Yeast Equivalents

(Scott Gillies) #1

I’m new to bread making and I am wanting to use active yeast (which I already have) but the recipes I want to use call for instant yeast. I know how to calculate the amount difference but I don’t know how much water (liquid) to use with it to start it. Do I use the amount of liquid in the recipe and just add the yeast to it first or do I need to use additional liquid and then add the yeast (with liquid) to the dry ingredients? Thanks

(tjjarvis) #2

I don’t think there is much difference between the 2 kinds of yeast, instant may be quicker acting. I don’t know the recipe you are using but generally yeast is not that fussy. I would pour the liquid required into a measuring cup add the yeast mix it up with a fork and let it sit for a few minutes. (This will allow you to see if the yeast is still alive and well if there is some foam forming on the top of the liquid.) Then just add the mixture to the recipe. I always hold back a bit of the liquid mix to make sure there is not too much liquid in my bread mix. I keep my yeast in the freezer compartment. It will last a very long time there. But it can get old and not work any more so be aware of that. The best way to test it is put some in a glass of water with a little sugar, if good it will start to get cloudy and bubbly.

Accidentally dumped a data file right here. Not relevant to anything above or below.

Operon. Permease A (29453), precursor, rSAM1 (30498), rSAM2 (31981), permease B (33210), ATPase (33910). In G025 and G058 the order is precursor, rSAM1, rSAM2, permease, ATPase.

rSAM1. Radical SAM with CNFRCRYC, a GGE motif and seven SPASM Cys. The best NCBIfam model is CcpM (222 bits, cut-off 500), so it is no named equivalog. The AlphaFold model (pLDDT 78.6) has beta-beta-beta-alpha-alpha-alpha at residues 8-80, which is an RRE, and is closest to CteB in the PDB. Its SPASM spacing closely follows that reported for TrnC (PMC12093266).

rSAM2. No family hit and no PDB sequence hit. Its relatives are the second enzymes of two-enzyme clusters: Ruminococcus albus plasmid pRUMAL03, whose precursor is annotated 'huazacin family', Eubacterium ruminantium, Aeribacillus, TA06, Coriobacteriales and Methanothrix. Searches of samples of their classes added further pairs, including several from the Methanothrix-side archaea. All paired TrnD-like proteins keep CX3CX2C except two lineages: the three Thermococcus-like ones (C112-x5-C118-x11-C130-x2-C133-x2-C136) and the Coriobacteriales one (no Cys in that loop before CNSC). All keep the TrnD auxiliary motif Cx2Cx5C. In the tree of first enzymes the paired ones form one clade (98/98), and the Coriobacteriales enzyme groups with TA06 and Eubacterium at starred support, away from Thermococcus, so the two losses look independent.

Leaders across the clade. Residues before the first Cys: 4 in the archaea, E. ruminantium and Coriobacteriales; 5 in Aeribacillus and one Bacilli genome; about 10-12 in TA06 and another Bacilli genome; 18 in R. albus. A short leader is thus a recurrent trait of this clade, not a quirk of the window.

(Robert Blomberg) #3

The biggest difference is how quick they start working, although with instant yeast you do not need to start it in water, just add it to the recipe as you mix. I use the instant yeast also because I can buy 1 Lb package at my local COOP or online at a very reasonable price compared to buying all the little packets.